by Brynn Vessey


Tavazoie M.F., Pollack I., Tanqueco R., Ostendorf B.N., Reis B.S., Gonsalves F.C., Kurth I., Andreu-Agullo C., Derbyshire M.L., Posada J., Takeda S., Tafreshian K.N., Rowinsky E., Szarek M., Waltzman R.J., Mcmillan E.A., Zhao C., Mita M., Mita A., Chmielowski B., Postow M.A., Ribas A., Mucida D., Tavazoie S.F. LXR/ApoE Activation Restricts Innate Immune Suppression in Cancer. Cell. 2018 Feb 8.

In the Spotlight...

A novel chimeric antigen receptor containing a JAK-STAT signaling domain mediates superior antitumor effects

Understanding that T cells require cytokine engagement for optimal activation following antigen stimulation, Kagoya et al. added a truncated cytoplasmic STAT5 signaling domain from IL-2Rβ and a YXXQ STAT3-recruiting motif to a CD19-CAR construct. T cells expressing this modified CAR construct showed enhanced in vivo antitumor efficacy mediated by antigen-specific activation of the JAK-STAT pathway, which promoted proliferation and persistence and prevented terminal differentiation.

Metabolic exhaustion in infection, cancer and autoimmunity

McKinney and Smith provide a detailed review of the current data linking the complex metabolic profile, membrane and intracellular signaling pathways, and transcription factors together with their role in determining and modifying T cell activity and fate, particularly T cell exhaustion. They provide a clear description of the many regulators of effector and memory function needed to carefully balance an appropriate immune response.

Anti-PD-1/anti-CTLA-4 efficacy in melanoma brain metastases depends on extracranial disease and augmentation of CD8(+) T cell trafficking

Taggart et al. created a clinically relevant melanoma transplantation mouse model with intracranial and extracranial tumors, and found that anti-PD-1/anti-CTLA-4 combination treatment (but not either monotherapy) was efficacious in the brain only in the presence of extracranial tumor and was both NK cell- and CD8+ T cell-dependent. Checkpoint blockade significantly increased the trafficking of peripherally expanded and activated CD8+ T cells to the brain via upregulation of ICAM-1 and VCAM-1, but did not induce proliferation or activation in the intracranial tumor.

Immunoribosomes: Where's there's fire, there's fire

As T cell immunity depends critically on peptide presentation by MHC, Wei and Yewdell leave no stone unturned by compiling evidence that an alternative translational system may exist which plays a significant role in generating the peptide targets of immune surveillance. They cite multiple examples of non-canonical translation (alternative start codons, nuclear intron translation, nonsense-mediated decay) and ribosome heterogeneity (distinct subunit composition and post-translational modifications), and posit that Ribo-Seq may provide much needed clarity.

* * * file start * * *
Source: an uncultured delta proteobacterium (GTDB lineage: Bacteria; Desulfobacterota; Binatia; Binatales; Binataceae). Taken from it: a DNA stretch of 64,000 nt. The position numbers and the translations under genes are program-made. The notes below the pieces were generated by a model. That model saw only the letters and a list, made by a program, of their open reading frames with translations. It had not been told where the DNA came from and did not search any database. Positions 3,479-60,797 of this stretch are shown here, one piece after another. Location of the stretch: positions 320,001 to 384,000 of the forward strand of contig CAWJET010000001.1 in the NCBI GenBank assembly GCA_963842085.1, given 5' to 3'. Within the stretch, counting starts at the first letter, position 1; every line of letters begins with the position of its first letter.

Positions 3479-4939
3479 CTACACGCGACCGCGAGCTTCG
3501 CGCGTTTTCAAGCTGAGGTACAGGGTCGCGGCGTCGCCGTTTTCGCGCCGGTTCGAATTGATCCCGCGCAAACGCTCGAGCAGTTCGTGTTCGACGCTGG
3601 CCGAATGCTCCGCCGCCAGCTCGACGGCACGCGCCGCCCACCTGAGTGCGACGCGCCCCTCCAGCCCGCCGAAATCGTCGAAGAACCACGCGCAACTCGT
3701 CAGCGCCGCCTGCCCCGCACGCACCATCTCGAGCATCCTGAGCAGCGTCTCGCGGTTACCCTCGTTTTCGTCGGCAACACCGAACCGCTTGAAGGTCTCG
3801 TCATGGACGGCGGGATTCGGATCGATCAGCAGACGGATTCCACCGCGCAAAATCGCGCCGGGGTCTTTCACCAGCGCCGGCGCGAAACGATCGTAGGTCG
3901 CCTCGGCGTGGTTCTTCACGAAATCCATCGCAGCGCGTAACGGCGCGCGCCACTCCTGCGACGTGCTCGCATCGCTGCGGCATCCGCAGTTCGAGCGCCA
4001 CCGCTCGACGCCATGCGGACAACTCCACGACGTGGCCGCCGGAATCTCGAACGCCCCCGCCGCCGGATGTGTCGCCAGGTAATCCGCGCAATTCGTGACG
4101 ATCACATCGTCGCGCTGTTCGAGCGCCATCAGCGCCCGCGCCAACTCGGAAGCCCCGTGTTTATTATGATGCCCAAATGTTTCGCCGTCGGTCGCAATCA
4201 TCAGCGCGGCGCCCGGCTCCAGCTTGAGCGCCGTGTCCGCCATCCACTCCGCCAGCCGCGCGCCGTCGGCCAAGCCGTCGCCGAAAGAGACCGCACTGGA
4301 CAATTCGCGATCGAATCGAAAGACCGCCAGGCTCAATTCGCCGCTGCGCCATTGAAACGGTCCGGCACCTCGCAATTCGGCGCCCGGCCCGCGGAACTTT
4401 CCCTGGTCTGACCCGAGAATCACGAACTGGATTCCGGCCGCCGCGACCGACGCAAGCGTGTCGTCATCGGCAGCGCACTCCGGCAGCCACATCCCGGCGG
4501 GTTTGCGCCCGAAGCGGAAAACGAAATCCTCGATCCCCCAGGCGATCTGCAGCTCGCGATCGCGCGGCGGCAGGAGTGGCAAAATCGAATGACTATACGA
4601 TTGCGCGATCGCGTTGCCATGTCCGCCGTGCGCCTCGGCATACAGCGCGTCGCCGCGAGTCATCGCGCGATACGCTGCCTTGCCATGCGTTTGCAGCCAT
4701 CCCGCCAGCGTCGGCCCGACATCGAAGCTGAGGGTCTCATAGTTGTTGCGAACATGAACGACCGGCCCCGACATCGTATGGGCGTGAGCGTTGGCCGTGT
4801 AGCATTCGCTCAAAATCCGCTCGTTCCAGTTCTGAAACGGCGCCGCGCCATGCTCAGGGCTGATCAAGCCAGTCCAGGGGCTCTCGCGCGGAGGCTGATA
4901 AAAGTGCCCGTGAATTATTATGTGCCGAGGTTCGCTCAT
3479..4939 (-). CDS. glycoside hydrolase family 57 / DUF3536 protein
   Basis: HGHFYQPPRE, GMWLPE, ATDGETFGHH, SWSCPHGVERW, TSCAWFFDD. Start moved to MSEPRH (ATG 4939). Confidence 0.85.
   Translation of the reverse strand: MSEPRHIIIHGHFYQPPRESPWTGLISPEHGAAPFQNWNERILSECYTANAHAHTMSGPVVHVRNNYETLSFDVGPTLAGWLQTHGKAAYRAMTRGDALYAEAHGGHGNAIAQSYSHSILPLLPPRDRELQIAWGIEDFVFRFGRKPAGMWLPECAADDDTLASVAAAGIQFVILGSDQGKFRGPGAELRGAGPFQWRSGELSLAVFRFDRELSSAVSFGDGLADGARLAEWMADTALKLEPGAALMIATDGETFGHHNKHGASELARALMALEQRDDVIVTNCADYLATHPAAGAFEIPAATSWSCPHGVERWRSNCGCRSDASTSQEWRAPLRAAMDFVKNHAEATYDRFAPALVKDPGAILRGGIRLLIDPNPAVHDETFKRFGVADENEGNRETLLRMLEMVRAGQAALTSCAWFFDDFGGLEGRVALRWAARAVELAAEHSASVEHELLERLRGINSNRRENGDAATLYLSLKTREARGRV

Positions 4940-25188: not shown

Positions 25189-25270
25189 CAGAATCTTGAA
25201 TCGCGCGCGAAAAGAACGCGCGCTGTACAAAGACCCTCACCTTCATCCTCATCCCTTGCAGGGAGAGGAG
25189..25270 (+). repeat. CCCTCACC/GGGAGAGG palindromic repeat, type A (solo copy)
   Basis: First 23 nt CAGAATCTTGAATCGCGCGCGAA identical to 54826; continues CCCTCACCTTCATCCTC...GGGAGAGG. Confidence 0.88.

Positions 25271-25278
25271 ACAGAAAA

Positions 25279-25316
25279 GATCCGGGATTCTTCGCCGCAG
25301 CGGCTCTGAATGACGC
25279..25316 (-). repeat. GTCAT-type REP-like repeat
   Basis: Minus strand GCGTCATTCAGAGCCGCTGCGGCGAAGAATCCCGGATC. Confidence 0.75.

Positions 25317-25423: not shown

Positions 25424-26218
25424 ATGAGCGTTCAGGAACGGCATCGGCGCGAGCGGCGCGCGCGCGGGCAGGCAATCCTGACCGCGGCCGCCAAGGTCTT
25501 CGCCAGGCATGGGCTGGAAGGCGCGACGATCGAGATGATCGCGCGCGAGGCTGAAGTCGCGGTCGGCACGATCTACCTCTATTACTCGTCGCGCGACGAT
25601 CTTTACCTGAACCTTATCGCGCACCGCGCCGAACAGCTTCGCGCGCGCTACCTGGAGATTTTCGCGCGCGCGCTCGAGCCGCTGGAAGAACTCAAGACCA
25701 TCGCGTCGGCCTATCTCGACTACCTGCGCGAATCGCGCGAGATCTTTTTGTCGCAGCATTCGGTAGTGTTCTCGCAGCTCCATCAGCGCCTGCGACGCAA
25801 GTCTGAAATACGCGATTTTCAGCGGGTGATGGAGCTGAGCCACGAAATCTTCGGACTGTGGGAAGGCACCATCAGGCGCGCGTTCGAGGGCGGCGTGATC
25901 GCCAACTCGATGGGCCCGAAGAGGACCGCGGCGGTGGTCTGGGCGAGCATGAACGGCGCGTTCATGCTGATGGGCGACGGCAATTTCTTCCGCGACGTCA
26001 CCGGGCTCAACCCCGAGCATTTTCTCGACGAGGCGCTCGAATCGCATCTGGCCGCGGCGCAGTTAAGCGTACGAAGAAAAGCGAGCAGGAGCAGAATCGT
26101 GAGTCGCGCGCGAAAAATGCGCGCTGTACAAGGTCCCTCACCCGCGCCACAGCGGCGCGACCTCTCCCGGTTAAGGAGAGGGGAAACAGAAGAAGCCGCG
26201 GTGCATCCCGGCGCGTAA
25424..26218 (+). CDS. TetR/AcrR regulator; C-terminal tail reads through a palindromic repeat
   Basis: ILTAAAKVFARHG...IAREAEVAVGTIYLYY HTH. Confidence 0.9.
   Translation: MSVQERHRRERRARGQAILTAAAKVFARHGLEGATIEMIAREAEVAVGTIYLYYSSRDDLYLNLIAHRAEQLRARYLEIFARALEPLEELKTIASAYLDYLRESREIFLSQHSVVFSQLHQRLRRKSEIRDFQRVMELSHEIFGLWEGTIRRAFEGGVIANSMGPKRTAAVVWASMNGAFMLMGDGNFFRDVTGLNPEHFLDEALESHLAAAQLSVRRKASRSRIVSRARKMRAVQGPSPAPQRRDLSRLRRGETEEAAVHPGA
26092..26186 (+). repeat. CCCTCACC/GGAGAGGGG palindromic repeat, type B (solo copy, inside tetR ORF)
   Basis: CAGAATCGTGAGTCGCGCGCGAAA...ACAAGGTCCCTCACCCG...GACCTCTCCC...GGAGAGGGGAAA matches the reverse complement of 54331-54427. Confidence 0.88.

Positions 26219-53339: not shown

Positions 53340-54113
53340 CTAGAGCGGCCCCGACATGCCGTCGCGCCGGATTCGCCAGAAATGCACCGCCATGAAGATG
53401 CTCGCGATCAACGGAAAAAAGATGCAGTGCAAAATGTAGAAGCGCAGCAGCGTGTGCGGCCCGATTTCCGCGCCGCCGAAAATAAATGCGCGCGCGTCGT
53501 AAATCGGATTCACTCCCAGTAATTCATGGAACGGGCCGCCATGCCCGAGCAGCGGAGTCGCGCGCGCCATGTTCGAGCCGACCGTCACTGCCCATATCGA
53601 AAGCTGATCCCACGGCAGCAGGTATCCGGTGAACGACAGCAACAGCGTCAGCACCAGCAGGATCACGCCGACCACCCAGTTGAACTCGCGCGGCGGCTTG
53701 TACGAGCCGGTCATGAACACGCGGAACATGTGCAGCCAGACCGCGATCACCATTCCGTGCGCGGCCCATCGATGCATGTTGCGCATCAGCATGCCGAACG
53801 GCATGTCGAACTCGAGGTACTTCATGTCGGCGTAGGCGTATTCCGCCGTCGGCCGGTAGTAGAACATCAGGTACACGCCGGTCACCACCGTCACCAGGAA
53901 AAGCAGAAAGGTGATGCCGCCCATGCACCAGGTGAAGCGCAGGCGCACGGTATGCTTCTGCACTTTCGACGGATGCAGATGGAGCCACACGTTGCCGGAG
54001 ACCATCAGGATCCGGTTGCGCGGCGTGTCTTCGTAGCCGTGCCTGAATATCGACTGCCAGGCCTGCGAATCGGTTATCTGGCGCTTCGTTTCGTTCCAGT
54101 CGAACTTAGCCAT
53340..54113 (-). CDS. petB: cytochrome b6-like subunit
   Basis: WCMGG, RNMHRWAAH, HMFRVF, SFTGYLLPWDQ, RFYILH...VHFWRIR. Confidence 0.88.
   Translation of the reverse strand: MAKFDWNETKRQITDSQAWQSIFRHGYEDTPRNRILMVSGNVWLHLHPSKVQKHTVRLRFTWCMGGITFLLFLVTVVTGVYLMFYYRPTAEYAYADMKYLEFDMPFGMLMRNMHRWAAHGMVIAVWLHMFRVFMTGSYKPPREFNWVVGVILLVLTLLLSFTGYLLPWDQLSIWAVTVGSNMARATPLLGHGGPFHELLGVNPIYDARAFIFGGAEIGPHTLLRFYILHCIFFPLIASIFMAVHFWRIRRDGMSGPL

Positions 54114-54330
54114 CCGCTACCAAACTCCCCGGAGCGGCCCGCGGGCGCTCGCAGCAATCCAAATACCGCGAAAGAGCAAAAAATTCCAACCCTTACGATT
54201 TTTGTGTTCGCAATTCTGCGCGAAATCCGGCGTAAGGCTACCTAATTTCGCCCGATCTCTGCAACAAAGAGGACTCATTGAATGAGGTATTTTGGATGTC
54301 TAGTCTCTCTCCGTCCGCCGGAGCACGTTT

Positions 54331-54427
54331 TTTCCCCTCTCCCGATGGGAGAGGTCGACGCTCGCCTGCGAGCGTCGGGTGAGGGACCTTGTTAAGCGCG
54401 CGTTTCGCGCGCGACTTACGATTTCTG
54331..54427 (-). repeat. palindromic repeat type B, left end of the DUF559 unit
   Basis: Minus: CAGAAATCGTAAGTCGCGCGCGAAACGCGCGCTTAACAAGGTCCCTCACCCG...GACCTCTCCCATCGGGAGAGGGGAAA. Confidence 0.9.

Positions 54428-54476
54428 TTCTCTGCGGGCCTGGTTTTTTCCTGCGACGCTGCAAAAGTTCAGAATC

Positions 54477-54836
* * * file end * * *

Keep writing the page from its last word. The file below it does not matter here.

Precursors of human CD4+ cytotoxic T lymphocytes identified by single-cell transcriptome analysis

To understand the biology of CD4+ cytotoxic T lymphocytes (CD4-CTLs), Patil et al. used single cell RNASeq on the CD4-TEMRA subset (effector memory T cells expressing CD45RA), which is known to be enriched for CD4-CTL. They observed significant expression of cytotoxic and survival/co-stimulatory genes and substantial but variable clonal expansion. Clustering within the CD4-TEMRA subset differentiated cytotoxic cells and their memory precursor cells, with the latter marked by high expression of IL-7R, consistent with a memory phenotype.

PD-1 blockade reverses adaptive immune resistance induced by high-dose hypofractionated but not low-dose daily fractionated radiation

Morisada et al. observed that in mice, high-dose hypofractionated ionizing radiation (IR) preserved peripheral and tumor-infiltrating CD8+ T cell accumulation and activation, enhanced the functionality of tumor-infiltrating T cells, reduced peripheral and tumoral gMDSC accumulation, and increased tumor immunogenicity, while low-dose daily IR caused lymphopenia and suppressed tumor-specific T cell responses. High-dose IR combined with checkpoint blockade greatly enhanced primary and abscopal tumor control that was dependent on CD8+ T cells.

Everything New this Week In...

Close Modal

Small change for you. Big change for us!

This Thanksgiving season, show your support for cancer research by donating your change.

In less than a minute, link your credit card with our partner RoundUp App.

Every purchase you make with that card will be rounded up and the change will be donated to ACIR.

All transactions are securely made through Stripe.